Istituto Nazionale di Alta Matematica Francesco Severi

The Istituto Nazionale di Alta Matematica Francesco Severi, abbreviated as INdAM, is a government created non-profit research institution whose main purpose is to promote research in the field of mathematics and its applications and the diffusion of higher mathematical education in Italy.[1]

Istituto Nazionale di Alta Matematica "Francesco Severi"
INdAM logo.svg
PresidentGiorgio Patrizio (since 2015)
Key peopleFrancesco Severi
Formerly calledIstituto Nazionale di Alta Matematica
AddressPiazzale Aldo Moro 5,

Its founder and first president, later nominated life president,[2] was Francesco Severi, who exerted also a major influence on the creation of the institute.[3]


The institute was established on 13 July 1939 as the Royal National Institute of High Mathematics, with a law signed by Vittorio Emanuele III, Benito Mussolini, Paolo Thaon di Revel and Giuseppe Bottai. Its foundation is largely due to the action of Francesco Severi, possibly starting from an idea by Luigi Fantappié. The first Scientific Council was made up of Francesco Severi (president), Luigi Fantappiè, Giulio Krall, Enrico Bompiani and Mauro Picone. In 1946, following the Italian referendum, the adjective "Royal" was removed from its name. In 1976 it assumed the current official name of National Institute of High Mathematics "Francesco Severi".

From the beginning, the main activity of INdAM has been the organisation of advanced courses aimed at gifted young people. In this way, the Institute has contributed significantly to the education of many Italian mathematicians, also due to the opportunities offered to them to come into contact with some of the leading international mathematicians.

The Italian mathematicians who worked as professors and/or were students at INdAM included Antonio Signorini, Gianfranco Cimmino, Iacopo Barsotti, Luigi Amerio, Beniamino Segre, Enzo Martinelli, Renato Caccioppoli, Fabio Conforto, Giovanni Battista Rizza, Aldo Andreotti, Edoardo Vesentini, Gaetano Fichera, Ennio De Giorgi, Claudio Procesi, Maurizio Cornalba, Alessandro Figà-Talamanca, Enrico Giusti, Antonio Ambrosetti, Paolo Marcellini, Enrico Bombieri, Corrado De Concini, Nicola Fusco and Mario Pulvirenti.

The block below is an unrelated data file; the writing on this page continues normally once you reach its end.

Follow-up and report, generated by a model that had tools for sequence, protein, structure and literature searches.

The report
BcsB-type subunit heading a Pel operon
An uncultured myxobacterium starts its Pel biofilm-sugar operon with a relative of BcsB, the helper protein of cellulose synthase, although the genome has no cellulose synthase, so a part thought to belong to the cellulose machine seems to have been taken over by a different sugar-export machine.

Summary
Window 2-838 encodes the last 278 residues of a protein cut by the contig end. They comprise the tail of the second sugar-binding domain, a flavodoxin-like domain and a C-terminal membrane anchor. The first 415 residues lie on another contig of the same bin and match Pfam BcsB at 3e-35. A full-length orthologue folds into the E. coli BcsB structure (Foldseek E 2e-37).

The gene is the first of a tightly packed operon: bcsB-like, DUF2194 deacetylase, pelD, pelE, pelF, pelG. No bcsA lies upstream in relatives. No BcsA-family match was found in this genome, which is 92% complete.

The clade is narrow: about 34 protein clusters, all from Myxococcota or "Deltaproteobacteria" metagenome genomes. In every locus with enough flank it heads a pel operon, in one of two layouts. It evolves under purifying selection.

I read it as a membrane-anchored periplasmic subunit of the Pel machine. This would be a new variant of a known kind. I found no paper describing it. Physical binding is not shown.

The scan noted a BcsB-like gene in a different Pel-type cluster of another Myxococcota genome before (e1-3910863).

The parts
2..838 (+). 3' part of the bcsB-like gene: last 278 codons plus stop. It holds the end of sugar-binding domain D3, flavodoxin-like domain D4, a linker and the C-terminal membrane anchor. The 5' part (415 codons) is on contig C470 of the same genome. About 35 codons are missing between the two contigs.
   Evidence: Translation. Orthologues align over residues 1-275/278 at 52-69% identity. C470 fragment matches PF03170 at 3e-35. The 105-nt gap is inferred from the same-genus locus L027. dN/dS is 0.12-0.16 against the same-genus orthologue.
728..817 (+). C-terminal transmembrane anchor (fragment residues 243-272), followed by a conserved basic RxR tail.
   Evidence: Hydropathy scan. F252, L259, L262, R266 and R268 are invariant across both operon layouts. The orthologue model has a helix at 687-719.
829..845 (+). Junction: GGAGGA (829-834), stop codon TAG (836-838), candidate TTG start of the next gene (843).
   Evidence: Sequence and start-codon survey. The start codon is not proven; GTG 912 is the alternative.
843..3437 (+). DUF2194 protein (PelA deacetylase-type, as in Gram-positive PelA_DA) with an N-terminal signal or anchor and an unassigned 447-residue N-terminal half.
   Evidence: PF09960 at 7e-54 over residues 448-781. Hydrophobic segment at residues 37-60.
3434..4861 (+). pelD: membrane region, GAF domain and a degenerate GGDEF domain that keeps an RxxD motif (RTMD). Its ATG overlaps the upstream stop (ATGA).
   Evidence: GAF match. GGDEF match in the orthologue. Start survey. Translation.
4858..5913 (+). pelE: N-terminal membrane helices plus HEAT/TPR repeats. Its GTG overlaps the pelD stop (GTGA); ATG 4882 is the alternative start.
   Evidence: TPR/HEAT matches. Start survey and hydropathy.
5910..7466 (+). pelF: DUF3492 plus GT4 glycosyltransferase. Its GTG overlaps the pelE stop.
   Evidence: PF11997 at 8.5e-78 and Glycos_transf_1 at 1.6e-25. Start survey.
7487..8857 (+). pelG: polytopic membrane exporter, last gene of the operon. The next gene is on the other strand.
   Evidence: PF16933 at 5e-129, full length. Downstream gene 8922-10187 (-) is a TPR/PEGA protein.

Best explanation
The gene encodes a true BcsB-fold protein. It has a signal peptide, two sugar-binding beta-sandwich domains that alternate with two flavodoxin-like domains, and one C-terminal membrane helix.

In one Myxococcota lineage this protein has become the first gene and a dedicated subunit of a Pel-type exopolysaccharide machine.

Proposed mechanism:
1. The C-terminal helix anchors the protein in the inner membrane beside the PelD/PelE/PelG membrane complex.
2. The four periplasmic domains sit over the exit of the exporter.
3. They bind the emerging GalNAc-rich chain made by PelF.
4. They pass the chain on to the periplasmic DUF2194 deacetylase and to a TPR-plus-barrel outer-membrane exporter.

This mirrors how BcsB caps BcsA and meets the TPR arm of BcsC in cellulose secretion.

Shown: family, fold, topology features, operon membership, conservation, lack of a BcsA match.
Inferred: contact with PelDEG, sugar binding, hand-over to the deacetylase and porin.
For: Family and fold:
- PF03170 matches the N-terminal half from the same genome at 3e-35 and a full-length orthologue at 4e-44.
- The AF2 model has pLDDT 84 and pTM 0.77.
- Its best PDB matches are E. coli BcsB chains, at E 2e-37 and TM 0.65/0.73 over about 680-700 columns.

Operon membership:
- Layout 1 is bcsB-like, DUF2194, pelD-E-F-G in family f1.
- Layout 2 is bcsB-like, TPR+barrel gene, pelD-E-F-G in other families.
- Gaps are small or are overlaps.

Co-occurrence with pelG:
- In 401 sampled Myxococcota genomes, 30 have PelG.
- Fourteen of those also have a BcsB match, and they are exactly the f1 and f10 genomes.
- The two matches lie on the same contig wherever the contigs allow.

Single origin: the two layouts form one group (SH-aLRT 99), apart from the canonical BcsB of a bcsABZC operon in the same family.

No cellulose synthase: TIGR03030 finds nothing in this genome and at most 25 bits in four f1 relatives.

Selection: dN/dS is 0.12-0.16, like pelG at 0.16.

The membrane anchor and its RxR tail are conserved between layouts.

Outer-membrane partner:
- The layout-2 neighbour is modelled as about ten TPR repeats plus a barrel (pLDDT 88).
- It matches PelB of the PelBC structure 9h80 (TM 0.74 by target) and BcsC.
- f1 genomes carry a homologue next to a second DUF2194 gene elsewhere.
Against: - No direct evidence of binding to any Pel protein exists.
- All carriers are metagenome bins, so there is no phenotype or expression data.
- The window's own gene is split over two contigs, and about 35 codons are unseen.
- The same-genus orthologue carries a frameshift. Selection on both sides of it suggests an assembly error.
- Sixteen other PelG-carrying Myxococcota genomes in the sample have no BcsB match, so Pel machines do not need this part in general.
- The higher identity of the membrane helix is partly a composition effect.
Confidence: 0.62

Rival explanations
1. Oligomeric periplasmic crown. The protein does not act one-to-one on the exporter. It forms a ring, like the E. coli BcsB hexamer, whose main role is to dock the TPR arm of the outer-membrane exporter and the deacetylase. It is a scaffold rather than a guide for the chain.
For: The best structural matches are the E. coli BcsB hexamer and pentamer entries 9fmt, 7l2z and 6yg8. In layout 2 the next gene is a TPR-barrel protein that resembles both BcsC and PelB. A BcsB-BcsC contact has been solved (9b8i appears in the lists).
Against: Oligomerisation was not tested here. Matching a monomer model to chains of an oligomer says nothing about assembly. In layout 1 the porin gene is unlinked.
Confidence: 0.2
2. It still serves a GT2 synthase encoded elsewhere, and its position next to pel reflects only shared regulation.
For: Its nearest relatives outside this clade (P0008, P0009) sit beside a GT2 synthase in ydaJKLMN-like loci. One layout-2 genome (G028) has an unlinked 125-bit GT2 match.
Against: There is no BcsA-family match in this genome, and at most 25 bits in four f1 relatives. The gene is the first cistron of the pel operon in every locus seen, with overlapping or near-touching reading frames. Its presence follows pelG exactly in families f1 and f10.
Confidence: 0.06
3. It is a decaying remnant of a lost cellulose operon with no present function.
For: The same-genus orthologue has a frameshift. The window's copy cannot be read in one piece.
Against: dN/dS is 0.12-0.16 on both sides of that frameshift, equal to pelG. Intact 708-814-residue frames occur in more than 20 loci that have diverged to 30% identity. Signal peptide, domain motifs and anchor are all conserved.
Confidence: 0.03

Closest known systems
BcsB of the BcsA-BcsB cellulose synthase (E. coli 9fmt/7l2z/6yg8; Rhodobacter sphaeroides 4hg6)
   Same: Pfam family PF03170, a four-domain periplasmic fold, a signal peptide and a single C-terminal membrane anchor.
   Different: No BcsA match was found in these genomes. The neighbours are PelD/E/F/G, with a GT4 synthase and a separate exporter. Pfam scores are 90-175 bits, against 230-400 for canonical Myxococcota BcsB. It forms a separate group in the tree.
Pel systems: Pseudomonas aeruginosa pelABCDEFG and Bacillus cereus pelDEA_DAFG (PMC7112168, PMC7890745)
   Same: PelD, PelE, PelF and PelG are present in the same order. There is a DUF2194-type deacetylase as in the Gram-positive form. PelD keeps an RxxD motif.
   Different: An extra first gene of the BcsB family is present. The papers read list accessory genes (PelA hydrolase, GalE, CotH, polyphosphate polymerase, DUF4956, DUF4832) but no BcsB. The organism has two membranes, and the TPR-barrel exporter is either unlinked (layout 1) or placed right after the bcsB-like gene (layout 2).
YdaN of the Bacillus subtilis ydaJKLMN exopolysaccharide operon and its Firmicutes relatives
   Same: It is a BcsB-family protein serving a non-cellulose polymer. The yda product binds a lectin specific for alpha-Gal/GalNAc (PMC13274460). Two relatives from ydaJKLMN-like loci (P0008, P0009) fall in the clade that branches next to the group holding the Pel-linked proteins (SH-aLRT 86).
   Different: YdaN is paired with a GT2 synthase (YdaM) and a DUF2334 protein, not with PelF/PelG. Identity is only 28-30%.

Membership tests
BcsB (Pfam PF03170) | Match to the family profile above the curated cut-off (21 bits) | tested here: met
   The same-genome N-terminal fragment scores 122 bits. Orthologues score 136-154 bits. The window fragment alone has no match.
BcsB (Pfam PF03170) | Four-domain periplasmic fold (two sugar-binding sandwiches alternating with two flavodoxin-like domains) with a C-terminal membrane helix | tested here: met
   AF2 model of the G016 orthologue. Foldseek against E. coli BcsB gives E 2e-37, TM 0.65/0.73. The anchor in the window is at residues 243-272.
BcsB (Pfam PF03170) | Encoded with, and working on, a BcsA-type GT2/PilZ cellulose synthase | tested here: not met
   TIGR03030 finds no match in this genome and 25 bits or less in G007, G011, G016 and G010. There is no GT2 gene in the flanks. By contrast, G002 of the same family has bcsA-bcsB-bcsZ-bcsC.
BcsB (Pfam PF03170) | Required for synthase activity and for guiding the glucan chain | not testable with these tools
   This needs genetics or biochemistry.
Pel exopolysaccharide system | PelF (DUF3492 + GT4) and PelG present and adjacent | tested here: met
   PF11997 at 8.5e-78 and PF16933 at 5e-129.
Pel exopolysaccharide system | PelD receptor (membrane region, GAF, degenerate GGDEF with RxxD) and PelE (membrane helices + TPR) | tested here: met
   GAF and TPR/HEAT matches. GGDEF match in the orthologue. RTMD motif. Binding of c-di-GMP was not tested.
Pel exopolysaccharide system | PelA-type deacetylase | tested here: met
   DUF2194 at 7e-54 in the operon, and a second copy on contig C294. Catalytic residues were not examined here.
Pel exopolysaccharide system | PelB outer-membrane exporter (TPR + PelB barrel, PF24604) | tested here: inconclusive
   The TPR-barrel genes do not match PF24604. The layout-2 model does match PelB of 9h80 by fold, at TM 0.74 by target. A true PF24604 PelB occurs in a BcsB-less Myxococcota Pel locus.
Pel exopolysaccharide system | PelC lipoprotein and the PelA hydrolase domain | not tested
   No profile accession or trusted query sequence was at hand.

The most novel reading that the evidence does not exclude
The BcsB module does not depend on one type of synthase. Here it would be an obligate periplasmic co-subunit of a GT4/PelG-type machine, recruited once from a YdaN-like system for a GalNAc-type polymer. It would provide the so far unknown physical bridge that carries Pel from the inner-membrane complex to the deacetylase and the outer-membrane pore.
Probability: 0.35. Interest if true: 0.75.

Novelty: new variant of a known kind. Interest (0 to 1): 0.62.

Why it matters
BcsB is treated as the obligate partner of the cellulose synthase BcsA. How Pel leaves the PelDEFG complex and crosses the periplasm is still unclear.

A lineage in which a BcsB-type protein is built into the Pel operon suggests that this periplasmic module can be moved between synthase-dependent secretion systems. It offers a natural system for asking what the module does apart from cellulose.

The foreign mathematicians included Leonard Roth, Helmut Hasse, Wilhelm Blaschke, Paul Dubreil, Lucien Godeaux, Luitzen Brouwer, Jean Leray, Wacław Sierpiński, Wolfgang Gröbner, Heinz Hopf, Erich Kähler, Oskar Zariski, Georges De Rham, Max Deuring, Bartel Leendert Van der Waerden, Kazimierz Kuratowski, John Lighton Synge, Louis Mordell, Rolf Nevanlinna, Richard von Mises, Ernst Witt, Henri Cartan, Jacques Tits, Jean Dieudonné, Victor Kac, Francis Clarke.

INdAM Research GroupsEdit

The National Research Groups were originally part of the National Research Council (CNR); among the directors of the Research Groups in that period there are Vinicio Boffi, Roberto Conti and Ilio Galligani. Since 1999 the National Research Groups have been an integral part of the INdAM.

These are four National Research Groups with a staff of more than 2,500 researchers. The Groups carry out research in mathematics by financing research projects, inviting qualified foreign researchers to Italy, and financing stays abroad of young Italian researchers to carry out collaborative research at universities and other institutions. In particular, the Groups promote, coordinate and support the research activities of its members through: a) the Visiting Professors program; b) the financial contributions to the organisation of conferences; c) the reimbursement of travel expenses in Italy and abroad; d) the funding of Research and Training Projects.

The four National Research Groups of the INdAM are the following:

National Group for Mathematical Analysis, Probability and their Applications (GNAMPA)Edit

The GNAMPA group supports and coordinates research in Differential Equations and Dynamical Systems; Variational Calculus and Optimisation; Real Analysis, Measure theory and Probability; and Functional and Harmonic Analysis.[4]

National Group for Numerical Analysis (GNCS)Edit

The GNCS group supports and coordinates research in Numerical Analysis and basic research in Computer Science.[5]

National Group for Mathematical Physics (GNFM)Edit

The GNFM group supports and coordinates research in Mechanics of discrete systems; Fluid Mechanics; Continuum Mechanics; Diffusion and transport problems; and Relativity and Field theory.[6]

National Group for Algebraic and Geometric Structures and their Applications (GNSAGA)Edit

The GNSAGA group supports and coordinates research in Differential Geometry; Complex geometry and Topology; Algebraic Geometry and Commutative Algebra; and Mathematical Logic and applications.[7]


  1. ^ See the Italian law (La Camera dei Deputati & Il Senato della Repubblica 1992) and its later amendment (Il Presidente della Repubblica 1999).
  2. ^ See Roghi (2005, p. 46).
  3. ^ According to De Concini (2005, p. VII) and Zappa (1984, p. 12), who clearly states:-"Proprio in quell'anno 1939–1940, Severi aveva costituito l'Istituto di Alta Matematica" ("Just in that year 1939–1940, Severi constituted the Istituto di Alta Matematica").
  4. ^ "GNAMPA – Gruppo Nazionale per l'Analisi Matematica, la Probabilità e le loro Applicazioni". Retrieved 5 April 2021.
  5. ^ "GNCS – Gruppo Nazionale per il Calcolo Scientifico". Retrieved 5 April 2021.
  6. ^ "GNFM – Gruppo Nazionale per la Fisica Matematica". Retrieved 5 April 2021.
  7. ^ "GNSAGA – Gruppo Nazionale per le Strutture Algebriche, Geometriche e le loro Applicazioni". Retrieved 5 April 2021.


Historical referencesEdit

General referencesEdit

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